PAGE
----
As we approach the end of the year, we are proud to look back on our achievements. DSF started in 2009, when four parents came together looking for connection with one another and a desire to improve outcomes for their own children who had been diagnosed with Dravet syndrome. Now, 14 years later, the success of DSF and our many accomplishments is all due to our engaged patient community and loyal supporters.
In 2023, we had many exciting highlights. By the end of the year, we anticipate we will have awarded over $8M in research grants, making us the largest non-governmental funder of Dravet syndrome research, worldwide. We will also be hosting our 14th annual DSF Research Roundtable at the end of November. We are closer than ever before to therapies that are truly disease-modifying; therapies that will address the cause of Dravet syndrome and have the potential to improve the spectrum of symptoms that patients experience. There are many animal and cell models that allow researchers to study Dravet syndrome, and DSF is working with researchers to close final gaps in the development of and access to these research tools. As an example of this, we have initiated development of commercially available iPSC lines for use by academia and industry to look for potential new treatments for Dravet syndrome. Our understanding of the SCN1A gene and the mutations that cause Dravet syndrome has expanded, leading to more precise diagnostics as well as uncovering how this impacts brain development and spurring novel avenues to genetic-based therapies. We continue to build on the knowledge that exists of the progression of symptoms in Dravet syndrome, and DSF is investing in efforts to more closely characterize the clinical picture with the intention that this will improve clinical recognition, outcomes, and treatments.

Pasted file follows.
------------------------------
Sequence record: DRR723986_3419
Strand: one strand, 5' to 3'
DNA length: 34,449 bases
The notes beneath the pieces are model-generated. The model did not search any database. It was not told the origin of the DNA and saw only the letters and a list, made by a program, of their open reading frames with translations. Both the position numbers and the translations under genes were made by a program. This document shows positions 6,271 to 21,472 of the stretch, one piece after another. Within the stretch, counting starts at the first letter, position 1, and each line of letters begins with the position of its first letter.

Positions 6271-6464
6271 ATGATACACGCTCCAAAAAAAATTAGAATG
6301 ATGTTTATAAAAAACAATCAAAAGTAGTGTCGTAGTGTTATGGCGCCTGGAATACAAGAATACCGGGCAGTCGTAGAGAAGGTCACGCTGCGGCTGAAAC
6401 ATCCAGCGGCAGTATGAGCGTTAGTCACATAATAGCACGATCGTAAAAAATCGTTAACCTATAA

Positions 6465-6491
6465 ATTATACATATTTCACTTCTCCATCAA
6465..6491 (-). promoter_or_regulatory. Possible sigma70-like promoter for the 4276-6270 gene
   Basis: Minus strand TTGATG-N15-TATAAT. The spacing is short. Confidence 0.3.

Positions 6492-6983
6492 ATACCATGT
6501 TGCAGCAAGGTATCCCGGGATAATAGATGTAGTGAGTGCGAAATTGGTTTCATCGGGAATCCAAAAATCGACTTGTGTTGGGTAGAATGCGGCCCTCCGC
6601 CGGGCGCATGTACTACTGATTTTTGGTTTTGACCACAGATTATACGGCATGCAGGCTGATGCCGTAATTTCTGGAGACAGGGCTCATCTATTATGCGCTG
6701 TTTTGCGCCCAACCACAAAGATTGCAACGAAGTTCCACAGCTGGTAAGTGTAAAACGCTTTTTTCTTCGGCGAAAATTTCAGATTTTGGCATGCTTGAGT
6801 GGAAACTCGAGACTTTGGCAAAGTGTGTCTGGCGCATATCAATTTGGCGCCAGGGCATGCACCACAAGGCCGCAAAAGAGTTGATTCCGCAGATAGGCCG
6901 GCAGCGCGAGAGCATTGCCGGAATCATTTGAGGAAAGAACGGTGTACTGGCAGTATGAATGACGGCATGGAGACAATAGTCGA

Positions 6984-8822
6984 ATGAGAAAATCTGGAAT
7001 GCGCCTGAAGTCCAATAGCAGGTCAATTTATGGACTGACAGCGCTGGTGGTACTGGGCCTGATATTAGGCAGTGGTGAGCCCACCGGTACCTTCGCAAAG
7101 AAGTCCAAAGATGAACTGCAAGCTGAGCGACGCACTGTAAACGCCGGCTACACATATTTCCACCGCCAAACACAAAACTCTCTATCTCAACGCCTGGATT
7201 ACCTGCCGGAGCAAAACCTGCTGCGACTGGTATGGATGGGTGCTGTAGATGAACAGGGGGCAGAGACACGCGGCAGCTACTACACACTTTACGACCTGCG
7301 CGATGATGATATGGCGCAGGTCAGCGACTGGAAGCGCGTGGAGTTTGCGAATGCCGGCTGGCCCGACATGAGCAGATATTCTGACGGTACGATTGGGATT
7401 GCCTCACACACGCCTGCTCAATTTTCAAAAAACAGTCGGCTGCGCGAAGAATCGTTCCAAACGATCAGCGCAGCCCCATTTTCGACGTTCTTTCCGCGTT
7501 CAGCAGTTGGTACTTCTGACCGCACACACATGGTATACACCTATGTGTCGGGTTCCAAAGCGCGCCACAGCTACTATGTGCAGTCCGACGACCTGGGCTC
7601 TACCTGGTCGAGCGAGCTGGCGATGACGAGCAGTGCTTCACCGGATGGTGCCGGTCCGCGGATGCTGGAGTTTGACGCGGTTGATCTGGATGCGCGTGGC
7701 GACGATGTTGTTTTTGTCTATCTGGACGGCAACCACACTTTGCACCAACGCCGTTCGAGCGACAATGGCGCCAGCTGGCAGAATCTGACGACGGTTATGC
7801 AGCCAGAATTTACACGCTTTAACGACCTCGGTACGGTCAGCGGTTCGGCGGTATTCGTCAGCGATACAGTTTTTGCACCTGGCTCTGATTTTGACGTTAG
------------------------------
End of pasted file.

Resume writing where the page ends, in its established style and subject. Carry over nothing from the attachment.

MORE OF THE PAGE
We continue to focus on families navigating life with Dravet syndrome. Over the last 12 months, we have sent over 140 kits to newly diagnosed patient families. These kits are designed to help families find their footing after receiving the life altering diagnosis of Dravet syndrome, and includes a Newly Diagnosed handbook to guide families new to this diagnosis and make sure they have the tools and resources they need to properly manage their child’s care. Through our Patient Assistance Grant (PAG) program, we awarded over $25,000 this year in life-changing assistance for patients with Dravet syndrome for durable medical goods and educational tools such as seizure monitors, iPads, and cooling vests, bringing the total awarded since 2009 to over $245,000! We also hosted our five regional Day of Dravet Workshops and supported patient family gatherings through our Caregiver Connect grants. We added additional online support groups, including a Spanish-language group, and began leading monthly virtual Heart-to-Heart chats. You can learn about our many important research and advocacy programs that your gift supports at this link.
Another big accomplishment this year is our new 5-year strategic plan. It includes goals that will help to move DSF and the field of Dravet syndrome forward. With this in mind, the strategic focus areas were developed to address the three priorities of our mission: to aggressively raise funds for Dravet syndrome and related epilepsies; to support and fund research; increase awareness; and to provide support to affected individuals and families.It is because of your generosity that DSF continues to drive research, advocate for our patient community, and provide education, resources, and support for those living with Dravet syndrome. This holiday season, please consider making an end of year tax-deductible gift to DSF. No matter the size, your gift today makes a tangible difference and will help us to meet our $300,000 goal. Thank you for your continued support, and we are excited to see what we can achieve together in 2024!